If the fracture is stable (not separated) (no ligament damage or joint death), it can be treated with a leg cast or support device. In the end, a broken ankle takes six weeks to heal, and it may take many months for you to return to exercise at previously competitive levels. Your doctor will likely order X-rays during recovery to make sure of any changes in your ankle or pressures that are causing changes in the bones.

If the ligaments are also torn, or if the fracture is a detached fracture, surgery may be needed to fix the bones together so that the bones can heal properly. The surgeon may use a plate, metal, or absorbable screws, wires, or tension bands to hold the bones in place. The range of motion exercises are important, but it is more important not to put any weight on the foot and not to step on the foot until the specified time.

A child with a broken ankle should be monitored regularly for more than two years to ensure that growth is progressing smoothly without the development of deformity or uneven foot length.


The talus is a small bone located between the heel bone (calcaneus) and the two large bones of the lower leg, the tibia and fibula. Where the talus meets the foot bones, it forms the subtalar joint, which is very important in walking on uneven places. The talus is a very important connecting bone that helps transfer weights and pressures between the foot, leg and body to the middle of the ankle joint.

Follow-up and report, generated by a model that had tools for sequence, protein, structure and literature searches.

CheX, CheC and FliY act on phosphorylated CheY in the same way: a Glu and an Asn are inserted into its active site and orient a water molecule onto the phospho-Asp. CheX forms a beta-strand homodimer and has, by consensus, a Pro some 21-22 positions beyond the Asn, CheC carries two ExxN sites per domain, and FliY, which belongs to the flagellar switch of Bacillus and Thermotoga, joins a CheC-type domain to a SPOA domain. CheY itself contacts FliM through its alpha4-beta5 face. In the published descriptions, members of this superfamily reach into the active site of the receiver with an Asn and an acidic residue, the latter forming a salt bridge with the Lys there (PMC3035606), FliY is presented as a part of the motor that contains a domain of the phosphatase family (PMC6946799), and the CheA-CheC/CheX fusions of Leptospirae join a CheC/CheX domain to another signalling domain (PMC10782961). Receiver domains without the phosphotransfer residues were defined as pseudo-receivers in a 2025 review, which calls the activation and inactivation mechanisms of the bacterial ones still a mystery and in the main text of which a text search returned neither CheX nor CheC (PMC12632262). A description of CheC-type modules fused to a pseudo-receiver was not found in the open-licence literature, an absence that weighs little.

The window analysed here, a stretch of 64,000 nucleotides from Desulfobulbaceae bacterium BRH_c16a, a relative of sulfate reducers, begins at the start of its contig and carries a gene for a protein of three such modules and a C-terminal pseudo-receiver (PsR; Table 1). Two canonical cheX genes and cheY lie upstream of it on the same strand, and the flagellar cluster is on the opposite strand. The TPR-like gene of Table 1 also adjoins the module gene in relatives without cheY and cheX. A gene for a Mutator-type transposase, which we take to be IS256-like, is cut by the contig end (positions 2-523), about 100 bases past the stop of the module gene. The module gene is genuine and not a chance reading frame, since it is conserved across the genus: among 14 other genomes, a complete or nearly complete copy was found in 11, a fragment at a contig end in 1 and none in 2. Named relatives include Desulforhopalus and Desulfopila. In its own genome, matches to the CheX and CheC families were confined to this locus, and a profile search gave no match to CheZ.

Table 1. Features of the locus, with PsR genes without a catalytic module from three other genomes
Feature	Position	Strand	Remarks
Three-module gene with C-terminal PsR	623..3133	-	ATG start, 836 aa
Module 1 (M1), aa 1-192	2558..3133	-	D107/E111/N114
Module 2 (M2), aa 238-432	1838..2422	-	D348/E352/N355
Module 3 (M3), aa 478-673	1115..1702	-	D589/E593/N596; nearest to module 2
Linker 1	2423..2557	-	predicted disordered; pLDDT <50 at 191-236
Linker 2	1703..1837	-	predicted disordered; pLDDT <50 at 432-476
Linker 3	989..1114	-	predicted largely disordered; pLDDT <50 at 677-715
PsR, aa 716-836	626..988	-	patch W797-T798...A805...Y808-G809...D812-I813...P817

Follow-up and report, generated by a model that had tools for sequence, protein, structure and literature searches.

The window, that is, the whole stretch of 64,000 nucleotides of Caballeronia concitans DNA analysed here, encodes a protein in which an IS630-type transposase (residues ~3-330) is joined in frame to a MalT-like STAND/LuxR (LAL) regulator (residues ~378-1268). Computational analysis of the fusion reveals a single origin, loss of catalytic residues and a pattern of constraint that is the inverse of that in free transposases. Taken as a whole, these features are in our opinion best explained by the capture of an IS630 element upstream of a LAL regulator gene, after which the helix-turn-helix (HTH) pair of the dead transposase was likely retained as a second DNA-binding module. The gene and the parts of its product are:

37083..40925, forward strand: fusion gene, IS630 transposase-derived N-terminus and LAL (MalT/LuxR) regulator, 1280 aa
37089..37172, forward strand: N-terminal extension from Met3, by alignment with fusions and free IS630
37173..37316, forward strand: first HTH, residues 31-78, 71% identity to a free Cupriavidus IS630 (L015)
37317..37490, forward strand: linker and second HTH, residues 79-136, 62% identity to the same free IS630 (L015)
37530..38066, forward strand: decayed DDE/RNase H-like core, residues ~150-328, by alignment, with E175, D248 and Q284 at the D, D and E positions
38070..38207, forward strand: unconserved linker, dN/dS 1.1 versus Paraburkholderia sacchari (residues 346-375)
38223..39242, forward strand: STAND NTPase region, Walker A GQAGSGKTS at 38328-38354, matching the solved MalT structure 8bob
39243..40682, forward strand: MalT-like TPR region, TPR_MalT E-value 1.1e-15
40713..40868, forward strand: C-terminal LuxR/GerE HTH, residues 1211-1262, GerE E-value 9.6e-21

Although most talus injuries result from motor vehicle accidents, falling from a height can also injure the talus. These injuries are often associated with lower leg injuries.

Signs and Symptoms

The most common symptoms of talar fractures are:

• Difficulty putting weight on the foot
• acute pain
• Significant swelling and tenderness

The risk of infection increases in talar fractures (open fractures) that protrude through the skin. Injuries by snowboarders can be mistakenly confused with talar fractures due to the tenderness and excessive bruising of the outer side of the ankle caused by a sprained ankle.